In September 2019, the anaerobic digestion plant in Soudan, managed by the Veolia subsidiary SEDE, went one step further by opening a biogas unit. Sold to GRDF, the biogas is injected into the public grid. A first for this area in western France.
Ultimately, the plant operated by Veolia's subsidiary SEDE aims to produce 14,600 MW of biogas – enough to supply 4,500 people.
In western France, in the Loire-Atlantique area, biogas is an increasingly important part of the energy mix. In September 2019, the anaerobic digestion plant in Soudan opened a biogas production unit which converts organic matter into renewable energy.
The project was led by SEDE – a subsidiary of the Veolia Group that specializes in recovering organic by-products.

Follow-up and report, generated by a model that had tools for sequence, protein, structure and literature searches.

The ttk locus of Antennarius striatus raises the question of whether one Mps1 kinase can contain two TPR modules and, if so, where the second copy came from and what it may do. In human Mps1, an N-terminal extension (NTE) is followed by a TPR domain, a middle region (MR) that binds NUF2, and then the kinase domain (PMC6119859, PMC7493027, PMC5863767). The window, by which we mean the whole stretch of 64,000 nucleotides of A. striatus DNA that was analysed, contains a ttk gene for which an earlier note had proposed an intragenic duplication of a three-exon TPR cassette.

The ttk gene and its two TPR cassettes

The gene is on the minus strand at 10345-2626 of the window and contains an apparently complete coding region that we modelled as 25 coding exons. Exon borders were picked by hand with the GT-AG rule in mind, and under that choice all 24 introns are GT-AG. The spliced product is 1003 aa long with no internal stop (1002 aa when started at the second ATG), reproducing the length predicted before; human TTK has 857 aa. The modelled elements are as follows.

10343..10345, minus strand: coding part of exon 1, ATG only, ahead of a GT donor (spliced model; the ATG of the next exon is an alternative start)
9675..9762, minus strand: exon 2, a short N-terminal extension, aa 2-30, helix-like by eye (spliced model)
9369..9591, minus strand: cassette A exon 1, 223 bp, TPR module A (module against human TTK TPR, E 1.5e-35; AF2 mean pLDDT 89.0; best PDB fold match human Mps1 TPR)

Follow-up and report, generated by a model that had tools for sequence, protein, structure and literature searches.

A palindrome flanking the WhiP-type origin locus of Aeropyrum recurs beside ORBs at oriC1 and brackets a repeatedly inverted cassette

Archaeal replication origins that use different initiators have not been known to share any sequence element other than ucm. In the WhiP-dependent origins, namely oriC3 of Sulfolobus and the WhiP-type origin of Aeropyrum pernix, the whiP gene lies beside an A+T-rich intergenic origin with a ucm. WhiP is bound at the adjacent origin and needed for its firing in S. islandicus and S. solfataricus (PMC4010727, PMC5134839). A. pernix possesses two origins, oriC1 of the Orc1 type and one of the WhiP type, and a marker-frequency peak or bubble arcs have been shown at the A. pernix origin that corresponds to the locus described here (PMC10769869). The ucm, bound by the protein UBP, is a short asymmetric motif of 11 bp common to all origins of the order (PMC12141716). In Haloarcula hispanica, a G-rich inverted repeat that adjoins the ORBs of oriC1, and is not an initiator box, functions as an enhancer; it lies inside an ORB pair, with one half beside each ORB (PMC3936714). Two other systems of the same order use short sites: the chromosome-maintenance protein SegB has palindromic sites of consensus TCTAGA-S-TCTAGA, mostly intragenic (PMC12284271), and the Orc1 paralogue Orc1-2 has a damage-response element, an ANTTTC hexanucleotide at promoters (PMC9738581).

How does the unit operate? Local farmers and food processors bring their organic waste (manure, damaged cereals and fruit and vegetables) to the Soudan plant. After being checked, the waste is put into fermentation tanks ("digesters"). In the absence of oxygen and under the effect of heat (42°C), bacteria develop and break down the organic matter.
Digestate and biogas
The digestate (residue of anaerobic digestion) obtained can be used as fertilizer to feed agricultural crops or to balance the soil. As for the biogas, it is purified to retain only the methane, which then has qualities similar to those of natural gas. Sold to the gas distributor GRDF, it is injected into the public gas network.
"This is the first injection point in the department. Others will be completed by the beginning of 2020," explained Sofia Tendron, climate energy engineer for the area last October.
Currently, 1,350 homes, as well as the FMGC plant (a foundry) located near the site, are supplied with the biogas. Eventually, the plant hopes to produce 14,600 MW of biogas – enough to supply 4,500 people.
"This bio-waste recycling is a good example of circular economy," says the local politician, Yves Daniel. And rightly so since the sector produces renewable energy, along with organic fertilizer.
CREDITS : Main Picture © Veolia